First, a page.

Sep 18, 2017
This week on The Inbound Success Podcast, my guest is none other than Bob Ruffolo, the Founder and CEO of IMPACT. The funny thing about this episode is that it was recorded before I joined IMPACT and before any of us knew that this would be an IMPACT podcast.
For those who are finding the podcast for the first time, IMPACT is a Connecticut-based inbound marketing agency and top tier HubSpot diamond level partner. As an agency, we’re very heavily focused on the marketing leader of the organization and our services are design to help them overcome the common pain points that all marketing leaders go through, like “Is my strategy right?” “What are my peers doing that's working?” “How do I start implementing video?”
Here at IMPACT, we use ourselves as a laboratory and test new strategies and tactics on our own marketing first. Having a full time agency marketing team has been key to our ability to to do this and Ramona, our Content Marketing Manager, has done a great job of making sure we can follow through on our commitment to content creation. Today, our blog forms the core of the company’s marketing and lead generation strategy.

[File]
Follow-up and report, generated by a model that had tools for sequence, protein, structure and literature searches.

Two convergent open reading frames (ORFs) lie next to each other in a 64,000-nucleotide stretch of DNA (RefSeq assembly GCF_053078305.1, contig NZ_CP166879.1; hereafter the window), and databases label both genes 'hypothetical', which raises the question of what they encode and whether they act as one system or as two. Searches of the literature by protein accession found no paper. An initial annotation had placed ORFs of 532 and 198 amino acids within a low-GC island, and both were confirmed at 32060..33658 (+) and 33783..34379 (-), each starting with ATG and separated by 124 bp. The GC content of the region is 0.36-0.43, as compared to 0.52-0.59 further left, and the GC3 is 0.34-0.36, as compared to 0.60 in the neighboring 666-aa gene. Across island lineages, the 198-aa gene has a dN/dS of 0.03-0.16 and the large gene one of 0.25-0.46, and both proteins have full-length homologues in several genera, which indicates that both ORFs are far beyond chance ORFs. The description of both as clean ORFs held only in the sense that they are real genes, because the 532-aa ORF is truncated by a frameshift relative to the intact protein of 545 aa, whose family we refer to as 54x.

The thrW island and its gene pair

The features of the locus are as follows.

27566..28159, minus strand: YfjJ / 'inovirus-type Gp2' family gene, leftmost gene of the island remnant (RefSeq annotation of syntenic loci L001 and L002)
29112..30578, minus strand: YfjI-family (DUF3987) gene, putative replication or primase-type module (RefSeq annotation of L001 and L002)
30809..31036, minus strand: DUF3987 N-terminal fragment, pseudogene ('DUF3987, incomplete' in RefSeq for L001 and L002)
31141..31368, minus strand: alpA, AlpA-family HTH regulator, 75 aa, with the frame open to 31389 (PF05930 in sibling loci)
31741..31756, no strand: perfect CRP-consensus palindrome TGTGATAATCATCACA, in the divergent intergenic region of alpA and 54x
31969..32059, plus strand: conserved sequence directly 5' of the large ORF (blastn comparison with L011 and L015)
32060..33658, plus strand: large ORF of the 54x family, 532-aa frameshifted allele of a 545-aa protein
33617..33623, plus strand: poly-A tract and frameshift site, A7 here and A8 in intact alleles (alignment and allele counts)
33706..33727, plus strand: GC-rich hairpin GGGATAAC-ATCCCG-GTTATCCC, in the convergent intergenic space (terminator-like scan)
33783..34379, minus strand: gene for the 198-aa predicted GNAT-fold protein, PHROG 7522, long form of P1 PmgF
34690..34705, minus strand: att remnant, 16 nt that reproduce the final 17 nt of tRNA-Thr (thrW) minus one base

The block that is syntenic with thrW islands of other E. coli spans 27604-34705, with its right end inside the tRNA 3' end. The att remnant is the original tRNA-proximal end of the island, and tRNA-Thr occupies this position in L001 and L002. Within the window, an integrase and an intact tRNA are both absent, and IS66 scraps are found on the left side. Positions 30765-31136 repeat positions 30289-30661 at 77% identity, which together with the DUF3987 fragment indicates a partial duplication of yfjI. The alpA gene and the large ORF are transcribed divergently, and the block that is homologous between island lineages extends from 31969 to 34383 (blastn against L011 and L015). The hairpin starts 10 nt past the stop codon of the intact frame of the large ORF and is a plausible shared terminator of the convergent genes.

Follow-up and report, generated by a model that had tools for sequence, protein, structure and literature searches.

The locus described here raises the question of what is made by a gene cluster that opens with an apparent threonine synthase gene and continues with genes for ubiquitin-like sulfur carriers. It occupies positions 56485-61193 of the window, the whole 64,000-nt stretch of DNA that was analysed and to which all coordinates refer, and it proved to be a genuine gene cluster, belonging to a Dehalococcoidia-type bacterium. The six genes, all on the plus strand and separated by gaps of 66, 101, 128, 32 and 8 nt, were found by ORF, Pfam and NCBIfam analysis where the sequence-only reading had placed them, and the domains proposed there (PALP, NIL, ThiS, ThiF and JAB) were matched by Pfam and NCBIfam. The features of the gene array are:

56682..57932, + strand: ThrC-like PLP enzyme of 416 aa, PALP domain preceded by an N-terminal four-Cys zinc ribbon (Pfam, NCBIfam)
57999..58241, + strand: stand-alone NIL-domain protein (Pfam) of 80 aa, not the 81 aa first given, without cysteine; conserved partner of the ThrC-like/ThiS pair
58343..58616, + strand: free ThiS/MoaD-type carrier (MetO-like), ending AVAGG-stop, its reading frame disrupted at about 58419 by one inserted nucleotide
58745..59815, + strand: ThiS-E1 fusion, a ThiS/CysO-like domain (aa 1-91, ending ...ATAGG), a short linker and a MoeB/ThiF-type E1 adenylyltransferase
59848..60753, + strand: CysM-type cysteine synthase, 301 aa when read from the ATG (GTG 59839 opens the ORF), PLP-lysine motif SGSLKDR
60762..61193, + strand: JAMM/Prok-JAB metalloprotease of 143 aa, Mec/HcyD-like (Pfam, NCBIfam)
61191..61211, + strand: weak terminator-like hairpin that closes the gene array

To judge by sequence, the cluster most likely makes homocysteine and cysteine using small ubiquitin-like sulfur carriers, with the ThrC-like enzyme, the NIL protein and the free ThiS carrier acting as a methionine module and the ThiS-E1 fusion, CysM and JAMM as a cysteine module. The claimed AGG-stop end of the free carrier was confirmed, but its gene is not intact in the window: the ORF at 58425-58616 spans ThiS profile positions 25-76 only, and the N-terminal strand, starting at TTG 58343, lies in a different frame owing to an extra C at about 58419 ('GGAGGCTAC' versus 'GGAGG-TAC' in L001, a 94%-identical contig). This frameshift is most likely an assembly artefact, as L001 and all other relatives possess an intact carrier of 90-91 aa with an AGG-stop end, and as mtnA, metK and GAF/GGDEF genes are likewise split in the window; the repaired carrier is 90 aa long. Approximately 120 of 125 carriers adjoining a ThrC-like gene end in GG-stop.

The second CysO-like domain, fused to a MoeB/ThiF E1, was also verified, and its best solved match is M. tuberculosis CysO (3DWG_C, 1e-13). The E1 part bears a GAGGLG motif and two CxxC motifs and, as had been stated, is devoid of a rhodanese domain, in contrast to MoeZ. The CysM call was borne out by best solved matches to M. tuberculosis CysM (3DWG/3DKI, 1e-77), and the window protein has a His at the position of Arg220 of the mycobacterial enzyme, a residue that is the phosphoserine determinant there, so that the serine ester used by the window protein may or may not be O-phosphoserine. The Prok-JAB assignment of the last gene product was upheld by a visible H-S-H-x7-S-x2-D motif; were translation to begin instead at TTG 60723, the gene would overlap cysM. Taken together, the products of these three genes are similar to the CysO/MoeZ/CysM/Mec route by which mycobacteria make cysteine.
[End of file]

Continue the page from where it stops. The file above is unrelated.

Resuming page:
In this episode, Bob talks about how IMPACT used conversion rate optimization principles to redesign the layout of our blog and dramatically grow blog subscribers, visitor traffic, and blog-driven lead conversions.
One of IMPACT’s core values is helpfulness and our purpose as a company is to help people and their organizations to succeed. Bob and the team use that as a litmus test for everything that IMPACT does and to this end, he really felt that the company's blog content is a key part of how we help our audience. For this reason, the company has always taken an aggressive approach to content creation, publishing at least two blogs a day. This strategy has paid off and a year and a half ago, prior to updating the blog layout, IMPACT was already getting about 80,000 unique visitors to the site per month, and had a good base of about 10,000 to 15,000 subscribers.
Whereas IMPACT used to think of itself as competing with other inbound marketing agencies, whether it be Kuno Creative or New Breed Marketing, many of which are doing a very good job, they now see themselves as competing with Conversion XL, Social Media Examiner, Content Marketing Institute, and to a certain extent HubSpot. These sites draw much larger audiences, and they're very niche in what they're focused on. That's the direction Bob is going with the IMPACT brand, with a focus on serving the needs of marketing leadership.
When IMPACT adjusted its audience focus and future vision, the first thing they did was develop a strategy for scaling website traffic and conversions. They used a process developed by Conversion XL that maps out six types of research you can do on your website.
The IMPACT team went through all six steps of the Conversion XL research model, including looking at Google Analytics, data in the company’s HubSpot portal, data from Hotjar (including click maps and scroll maps and individual session recordings) and User Testing. This was all done in an effort to identify areas for improvement for IMPACT’s website.